Putting the Z-Machine to work
Before we dive deep into the ZM-K900M's tweaking options, it's worth exploring the board's baked-in special functions a bit. By default, the F-keys lining the top of the K900M are linked to Windows defaults applications. For example, F1 brings up your default browser, while F4 minimizes all your windows. The F keys also offer audio muting and volume controls. but it seems Zalman couldn't find room for media playback keys, unfortunately. I didn't have a chance to use the board with Linux or macOS, but if you're using one of those operating systems as a daily driver, system-default keys are worth considering when selecting this keyboard. Most of the functions of the board should work fine regardless of your choice of operating system.
Using most of the custom functions on the keyboard came pretty naturally, and many of them are genuinely useful. Fn+Ctrl, for example, locks the entire keyboard. Those of us with cats (or large lizards, or birds, or small children) could probably make daily use of this feature, and it could even deter someone from using your computer so long as they don't think to plug in a secondary keyboard. Fn+Windows Key disables the Windows key, a feature gamers should appreciate. Some of these features are table stakes these days, but the fact that the K900M includes them bolsters its gaming cred.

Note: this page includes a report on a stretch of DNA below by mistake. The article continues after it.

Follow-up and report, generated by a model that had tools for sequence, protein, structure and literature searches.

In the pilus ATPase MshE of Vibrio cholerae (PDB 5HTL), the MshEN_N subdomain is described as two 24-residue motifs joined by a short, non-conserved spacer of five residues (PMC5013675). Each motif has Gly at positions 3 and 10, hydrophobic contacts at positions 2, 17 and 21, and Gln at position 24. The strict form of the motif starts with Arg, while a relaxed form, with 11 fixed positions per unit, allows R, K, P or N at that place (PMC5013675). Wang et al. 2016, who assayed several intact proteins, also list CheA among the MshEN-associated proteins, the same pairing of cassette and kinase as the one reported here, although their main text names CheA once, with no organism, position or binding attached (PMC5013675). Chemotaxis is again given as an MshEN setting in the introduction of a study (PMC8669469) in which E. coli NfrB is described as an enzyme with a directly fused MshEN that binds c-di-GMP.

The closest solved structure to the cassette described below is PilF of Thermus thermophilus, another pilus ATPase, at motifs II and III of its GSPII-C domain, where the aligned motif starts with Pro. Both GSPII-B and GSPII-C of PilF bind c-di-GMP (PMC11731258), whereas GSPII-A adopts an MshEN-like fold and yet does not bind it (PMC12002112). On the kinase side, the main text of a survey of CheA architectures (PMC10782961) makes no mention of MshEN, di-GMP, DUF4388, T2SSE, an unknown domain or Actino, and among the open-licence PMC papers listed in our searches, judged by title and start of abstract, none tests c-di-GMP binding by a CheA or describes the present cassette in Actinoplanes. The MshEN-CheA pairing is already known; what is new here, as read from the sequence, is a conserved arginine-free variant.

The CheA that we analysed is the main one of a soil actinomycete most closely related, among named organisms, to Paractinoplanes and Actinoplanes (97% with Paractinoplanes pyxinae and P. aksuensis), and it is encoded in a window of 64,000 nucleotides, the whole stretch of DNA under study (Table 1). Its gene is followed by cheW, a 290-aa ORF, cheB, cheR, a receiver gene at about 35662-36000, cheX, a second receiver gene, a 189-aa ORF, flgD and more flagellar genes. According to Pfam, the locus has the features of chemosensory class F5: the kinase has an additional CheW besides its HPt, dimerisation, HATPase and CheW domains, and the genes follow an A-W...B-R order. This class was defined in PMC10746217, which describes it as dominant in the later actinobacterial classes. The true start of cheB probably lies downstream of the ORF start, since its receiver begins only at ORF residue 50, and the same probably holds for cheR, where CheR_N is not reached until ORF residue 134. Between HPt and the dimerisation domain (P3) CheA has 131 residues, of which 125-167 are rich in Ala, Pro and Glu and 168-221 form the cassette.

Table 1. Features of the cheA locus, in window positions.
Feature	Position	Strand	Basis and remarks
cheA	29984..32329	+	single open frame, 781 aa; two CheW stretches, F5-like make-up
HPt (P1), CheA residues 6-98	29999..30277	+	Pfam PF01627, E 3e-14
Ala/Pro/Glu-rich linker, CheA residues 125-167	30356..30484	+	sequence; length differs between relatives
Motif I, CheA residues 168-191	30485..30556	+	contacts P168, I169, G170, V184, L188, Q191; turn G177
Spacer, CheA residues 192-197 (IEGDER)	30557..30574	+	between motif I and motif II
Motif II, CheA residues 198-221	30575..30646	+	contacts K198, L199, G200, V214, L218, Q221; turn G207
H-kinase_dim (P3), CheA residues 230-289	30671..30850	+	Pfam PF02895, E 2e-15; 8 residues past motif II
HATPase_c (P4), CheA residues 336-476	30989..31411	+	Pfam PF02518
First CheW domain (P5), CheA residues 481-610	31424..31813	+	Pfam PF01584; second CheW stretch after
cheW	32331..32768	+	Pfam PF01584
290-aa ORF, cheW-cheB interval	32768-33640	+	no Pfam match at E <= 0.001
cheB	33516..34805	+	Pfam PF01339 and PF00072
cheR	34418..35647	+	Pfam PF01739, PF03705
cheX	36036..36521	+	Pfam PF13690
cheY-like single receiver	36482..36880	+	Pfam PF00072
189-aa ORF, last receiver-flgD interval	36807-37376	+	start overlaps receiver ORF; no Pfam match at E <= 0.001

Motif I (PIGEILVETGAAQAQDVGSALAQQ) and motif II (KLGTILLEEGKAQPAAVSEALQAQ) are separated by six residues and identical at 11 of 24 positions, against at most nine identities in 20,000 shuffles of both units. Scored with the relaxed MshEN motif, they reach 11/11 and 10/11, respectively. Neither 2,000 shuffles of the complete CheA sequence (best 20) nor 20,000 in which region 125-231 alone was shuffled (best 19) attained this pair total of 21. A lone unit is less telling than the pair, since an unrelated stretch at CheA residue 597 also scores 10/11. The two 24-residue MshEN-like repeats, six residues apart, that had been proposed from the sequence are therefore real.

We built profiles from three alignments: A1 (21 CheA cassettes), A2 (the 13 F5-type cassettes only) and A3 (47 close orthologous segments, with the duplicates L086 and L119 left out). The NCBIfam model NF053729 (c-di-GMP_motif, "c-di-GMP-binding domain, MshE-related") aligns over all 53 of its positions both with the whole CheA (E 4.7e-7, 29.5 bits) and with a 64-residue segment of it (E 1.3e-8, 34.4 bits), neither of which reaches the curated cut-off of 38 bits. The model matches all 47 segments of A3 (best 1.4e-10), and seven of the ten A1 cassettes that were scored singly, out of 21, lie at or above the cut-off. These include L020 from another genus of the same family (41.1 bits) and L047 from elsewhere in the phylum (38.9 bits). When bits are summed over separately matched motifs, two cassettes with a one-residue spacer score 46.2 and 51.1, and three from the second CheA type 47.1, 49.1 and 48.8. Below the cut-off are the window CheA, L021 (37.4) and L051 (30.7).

As an RGB LED keyboard without software, the ZM-K900M has to wrangle a ton of settings through various key combinations. It's worth heading over to Zalman's product page for the board to learn everything it can do. I was able to manipulate the lighting extensively using these controls, creating both static lighting with custom layouts and flashier effects. Using the board's four profiles, I was able to lock in some different lighting layouts for games I play that I could jump back to at any time. One downside of the K900M's laser focus on moving as much functionality into its guts as possible is that only a limited range of its theoretical 16.8 million colors are available through its interface, but I think there's still enough color choices on offer to satisfy anyone's tastes. All the colors available are quite vivid and pleasing to the eye, as well.